Has Video Streaming Spiked Our Internet Traffic By 40 Per Cent?

The Australian Bureau of Statistics has released their latest internet data figures and downloads way up compared to last year, or even 6 months ago. Should we blame Netflix? Their official arrival down-under in March likely made a big contribution, but of course they are not the only player in the streaming game.

For the three months ending on the 30th of June, we downloaded a collective 1.4 million Terabytes (or 1.4 Exabytes). Sure, that isn’t all from streaming TV but compared to the December figures, it’s up over 20%.

Perhaps more telling of streaming's impact on our internet is that compared to this time last year, fixed line broadband users have used 40% more data.

Fixed line customers account for 97% of the use, though wireless broadband is steadily growing. It’s up to 38,673 TB downloaded in the three months leading up to 30th of June, compared to 32,731 TBs the same time last year.

Reported on itnews, iiNet Chief technical officer Mark Dioguardi said Netflix accounted for 30% of their traffic by itself.

The more amazing statistic is that in the same three months leading up to the 30th of June, 'other' users, which is essentially dial-up, pulled down an amazing 49 TB. On the plus side, that is down from 65 TB as the same time last year.

Keeping those figures in mind, maybe I should feel ok labouring with 3Mbps ADSL, while the NBN Fiber sits unused on the side of my house because it’s not turned on at the other end yet...

So, what are you planning to watch tonight?


WATCH MORE: Entertainment News


    I've noticed my download speed has pretty much halved.

    So, what are you planning to watch tonight? Watching X-Files on Netflix USA.

    iZomie on Stan. Then maybe some Continuum on Netflix.

    We've been on the Netflix bandwagon for a couple of years now, and noticed that not long after it released officially in Australia our streaming quality markedly dropped. Before it would ramp up quickly to 1080 and stay there without a hiccup, these days it slowly rises to a max 720 with frequent (and jarring) drops back down to 480.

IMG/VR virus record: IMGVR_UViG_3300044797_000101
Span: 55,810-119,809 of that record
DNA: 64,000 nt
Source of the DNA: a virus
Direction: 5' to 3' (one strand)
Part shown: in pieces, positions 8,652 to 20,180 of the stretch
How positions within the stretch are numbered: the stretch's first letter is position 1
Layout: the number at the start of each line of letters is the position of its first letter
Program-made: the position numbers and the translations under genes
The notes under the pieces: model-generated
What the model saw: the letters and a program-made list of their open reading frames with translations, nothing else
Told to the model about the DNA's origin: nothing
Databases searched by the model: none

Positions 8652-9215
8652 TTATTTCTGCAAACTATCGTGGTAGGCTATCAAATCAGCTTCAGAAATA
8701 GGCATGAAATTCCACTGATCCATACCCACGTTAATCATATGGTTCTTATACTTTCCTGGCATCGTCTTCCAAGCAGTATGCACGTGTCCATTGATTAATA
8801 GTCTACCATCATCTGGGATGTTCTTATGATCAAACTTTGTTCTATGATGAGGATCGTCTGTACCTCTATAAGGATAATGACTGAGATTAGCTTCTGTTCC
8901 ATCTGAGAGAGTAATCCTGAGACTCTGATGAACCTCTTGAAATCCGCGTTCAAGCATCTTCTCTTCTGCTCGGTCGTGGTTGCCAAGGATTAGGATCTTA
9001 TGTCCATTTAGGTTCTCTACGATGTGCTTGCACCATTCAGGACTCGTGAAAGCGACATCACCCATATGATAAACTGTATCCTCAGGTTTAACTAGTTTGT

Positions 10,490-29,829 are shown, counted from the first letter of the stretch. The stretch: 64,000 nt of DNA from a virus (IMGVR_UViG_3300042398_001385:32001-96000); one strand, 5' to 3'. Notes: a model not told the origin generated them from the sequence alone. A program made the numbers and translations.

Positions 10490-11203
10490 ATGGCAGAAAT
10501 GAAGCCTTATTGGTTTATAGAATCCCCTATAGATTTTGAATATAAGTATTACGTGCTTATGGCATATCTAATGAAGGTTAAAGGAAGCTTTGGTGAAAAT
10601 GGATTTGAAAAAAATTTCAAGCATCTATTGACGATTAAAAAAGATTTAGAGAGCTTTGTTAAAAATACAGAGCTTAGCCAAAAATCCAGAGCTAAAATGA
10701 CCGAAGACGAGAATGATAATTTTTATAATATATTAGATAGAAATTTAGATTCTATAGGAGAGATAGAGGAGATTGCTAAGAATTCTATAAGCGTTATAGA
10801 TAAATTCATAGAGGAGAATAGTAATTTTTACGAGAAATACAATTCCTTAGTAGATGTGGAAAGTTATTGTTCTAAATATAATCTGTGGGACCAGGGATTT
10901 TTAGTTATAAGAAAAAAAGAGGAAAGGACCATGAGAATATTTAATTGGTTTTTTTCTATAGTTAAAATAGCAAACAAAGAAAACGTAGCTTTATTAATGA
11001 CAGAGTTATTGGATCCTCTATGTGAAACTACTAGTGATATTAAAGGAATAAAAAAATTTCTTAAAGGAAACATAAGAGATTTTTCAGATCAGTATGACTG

We're on Telstra cable at a connection speed >100mbps, and various speed tests and traces to different servers worldwide don't show up any congestion that could account for the decreased quality. My partner's theory is that Telstra is rate-limiting Netflix traffic, whether for competitive reasons or just to manage congestion on their backbone is anyone's guess. I certainly wouldn't put it past them.

      There is of course an easy way to test your partner's theory:

      Fire up Presto and see if the same thing happens there. If it doesn't your partner is right.

      You could also test with youtube and lesser known video sites, but you'd need to make sure it supports 1080p. I was going to suggest Hulu but I believe the HD there is only 720p.

        Interestingly our investigations last night seem to prove his theory, though it's potentially a little early to tell (it might have been a one-off success). We set up a VPN connection on our router so all our Internet traffic was tunnelled. Loaded up Netflix, kicked off a movie and bam, straight up to 1080 and stayed there without a hitch.

    And yet ISPs are still keeping relatively low data plans. When will they wake up like the rest of the world and abolish outdated data caps and just limit speeds instead of data caps. I have NBN and have gone through my 100gb cap in less than 2 weeks of streaming Netflix. It's a joke.

      Change service providers. Unlimited plans have been available on the NBN for a long time.

      If your ready to reply claiming that "changing will slow down my speed", well that's why your current ISP gives you a 100GB cap, dummy.

      Last edited 08/10/15 8:54 am

Join the discussion!

Trending Stories Right Now